When I hear truth sing.

I heard that children loved you
And you loved children.
I know many, many adults will miss you.

I can hope I won’t miss you as much.
Eight of your albums lean in original covers,
Still right next to my turntable and hi-fi.
I keep it in good repair.

Hope your writing is going well.  -rb

Halloween Costume Party, CWC, South Bay Writers

This may be ancient news, but I'm practicing embedding videos. I (and Mike Freda) shot a video of the Halloween Costume Contest taken at our October 12, Tuesday night meeting. There are some familiar faces in unfamiliar get-ups. The contest was a lot of fun and some were definitely in the spirit of the thing. I'm Abraham Lincoln, so friend and great writer, Mike Freda shot that footage of the line-up with my camcorder. We are supposed to have chosen a famous writer or someone who's a character in a famous or infamous book, but really, just about anything goes. This merriment takes place at the Lookout Restaurant (affiliated to The Sunnyvale Golf Course, CA).  Enjoy.

Saturday, February 19, 2011

Writer's Block

Writer's block. What's that? I got writers deluge, and have no clue where to start. I'm bailing the liquid out of my boat with two buckets and getting winded in the process.  --I posted this on Facebook minutes ago. Not sure if there's an action item in there somewhere. Write something, I guess. Anything.

Thursday, February 17, 2011

Writing Tip: Leave It Out

We writers think, oh, boy, there's another creative sentence that shows up in our mind. It fits the story, the narrator's voice, the characters jargon. It's perfect. It's something more, and it's good so we put it in.

Watch that tendency to think every "good" thought that's relevant belongs in your current project. Very often it's a mistake, and too many of these wrong choices will prevent you story from getting published and/or read.

What does your brilliant new idea do for the story? To the pace of the story? Does it slow things down? Does it read too long with your brain child entered. Look at it three days later. Now, does it read long, seem clumsier than you thought, putting a goddam speed-bump in the pacing? We all hate speed-bumps. You can bet the reader hates them too. Even though the idea, sitting alone, is a brilliant idea, brilliantly stated. It's almost great, showing off, even, but heavens to Betsy, you really do like that line.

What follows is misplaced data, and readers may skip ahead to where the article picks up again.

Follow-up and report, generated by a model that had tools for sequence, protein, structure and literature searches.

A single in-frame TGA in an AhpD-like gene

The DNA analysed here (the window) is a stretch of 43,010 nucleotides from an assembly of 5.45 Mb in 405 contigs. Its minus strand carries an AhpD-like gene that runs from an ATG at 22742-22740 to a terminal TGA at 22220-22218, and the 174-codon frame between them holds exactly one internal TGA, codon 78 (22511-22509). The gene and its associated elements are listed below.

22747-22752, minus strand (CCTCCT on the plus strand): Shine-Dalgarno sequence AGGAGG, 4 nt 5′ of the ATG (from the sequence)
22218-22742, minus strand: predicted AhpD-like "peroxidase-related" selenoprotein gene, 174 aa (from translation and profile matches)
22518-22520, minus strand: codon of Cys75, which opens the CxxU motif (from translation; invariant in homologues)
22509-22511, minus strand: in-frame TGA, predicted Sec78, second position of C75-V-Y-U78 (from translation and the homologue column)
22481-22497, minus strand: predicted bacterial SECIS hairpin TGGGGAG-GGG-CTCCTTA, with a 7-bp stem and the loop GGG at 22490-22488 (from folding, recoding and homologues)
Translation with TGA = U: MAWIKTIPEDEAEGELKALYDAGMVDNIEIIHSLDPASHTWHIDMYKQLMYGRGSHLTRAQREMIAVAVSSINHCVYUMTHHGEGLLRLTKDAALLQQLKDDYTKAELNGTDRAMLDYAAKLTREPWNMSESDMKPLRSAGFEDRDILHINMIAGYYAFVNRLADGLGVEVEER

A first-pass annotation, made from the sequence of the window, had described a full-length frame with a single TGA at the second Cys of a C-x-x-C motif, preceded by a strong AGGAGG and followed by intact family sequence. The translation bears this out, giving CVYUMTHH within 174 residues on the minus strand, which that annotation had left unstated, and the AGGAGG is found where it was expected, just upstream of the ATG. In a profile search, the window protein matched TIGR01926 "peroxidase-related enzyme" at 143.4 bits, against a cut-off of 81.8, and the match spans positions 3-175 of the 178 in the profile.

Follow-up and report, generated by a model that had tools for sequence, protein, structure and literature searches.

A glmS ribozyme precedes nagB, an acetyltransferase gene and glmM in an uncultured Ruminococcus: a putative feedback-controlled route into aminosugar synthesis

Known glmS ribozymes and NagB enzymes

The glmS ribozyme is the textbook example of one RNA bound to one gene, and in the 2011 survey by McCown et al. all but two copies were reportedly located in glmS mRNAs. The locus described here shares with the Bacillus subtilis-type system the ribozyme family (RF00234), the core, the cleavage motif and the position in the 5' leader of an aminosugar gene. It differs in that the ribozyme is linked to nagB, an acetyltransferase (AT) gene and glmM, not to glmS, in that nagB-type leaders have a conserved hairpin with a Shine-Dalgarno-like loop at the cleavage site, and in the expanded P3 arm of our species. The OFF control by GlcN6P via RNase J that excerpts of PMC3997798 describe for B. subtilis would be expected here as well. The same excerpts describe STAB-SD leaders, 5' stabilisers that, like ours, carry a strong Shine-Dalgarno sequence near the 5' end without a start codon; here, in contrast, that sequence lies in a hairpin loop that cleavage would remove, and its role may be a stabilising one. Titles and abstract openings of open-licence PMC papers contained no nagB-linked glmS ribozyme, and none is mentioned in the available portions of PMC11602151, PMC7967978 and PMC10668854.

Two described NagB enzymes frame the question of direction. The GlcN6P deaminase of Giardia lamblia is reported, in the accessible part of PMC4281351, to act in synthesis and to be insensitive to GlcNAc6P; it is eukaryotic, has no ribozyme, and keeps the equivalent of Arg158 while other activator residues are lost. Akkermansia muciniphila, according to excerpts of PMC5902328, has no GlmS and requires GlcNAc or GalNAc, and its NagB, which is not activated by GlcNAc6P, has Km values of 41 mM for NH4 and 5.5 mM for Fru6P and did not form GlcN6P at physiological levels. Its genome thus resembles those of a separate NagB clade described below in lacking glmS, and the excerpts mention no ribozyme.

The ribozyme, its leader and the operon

Put the brakes on. One of the talents of a superior writer is knowing when not to put the good writing in the story. Unpublished writers have a very hard time always recognizing this in practice. My guess is every single page of your project has at least one or two sentences that aren't essential to the story, to the character building, to the suspense and conflict you are trying to get across to King Reader.

With all my railing against redundancy, I'm sure I understand this and know tons of examples in my own work. But I continue to catch myself putting all my good thoughts into the story.

Tip: Most of the time, leave it out. That goes double if it comes to you during a rewriting session. You should be striving to dump 50% of your words, not the other way around.

Less is more. Remember it, and live it! Your readers will love your writing for it. They'll be turning pages like crazy.

Saturday, January 29, 2011

Apparently, A Word I Use Too Much

Okay, I found another word (see previous article) that I habitually use. The word is "apparently." The use of it, even once (unless it's inside dialog or in a first person's quirky habits of use) is most likely redundant.

On to other comments: Yesterday, I polished a song I had written 20 years ago and turned it into a poem. Can rhyming poetry have a refrain line? Or a bridge section? I guess I could use poetic license and do it, anyway.

I woke up a bit too early this morning, (Saturday) Jan 29, 2011, with an extraordinarily busy mind; a thousand little poems racing around in there. Pat Bustamante's challenge to my South Bay club poetry writers is to make them short. Trite seems to be allowable. Unfortunately, I'll not remember them all. (Maybe, that's fortunate.)

Let me start one here, I'll polish it later.

It's Golf

Watch the V's in your grip,
Head down the round trip.
Straight left arm and don't rush it.
Long, wide arc, you'll crush it,
Be firm, no self-doubt,
Follow through, inside out.

I've got it wrong, apparently.
It's golf that's got its grip on me.

Hey, you know, that's not too bad. Still a little lengthy for Pat, I fear. Write on, friends.  ;^)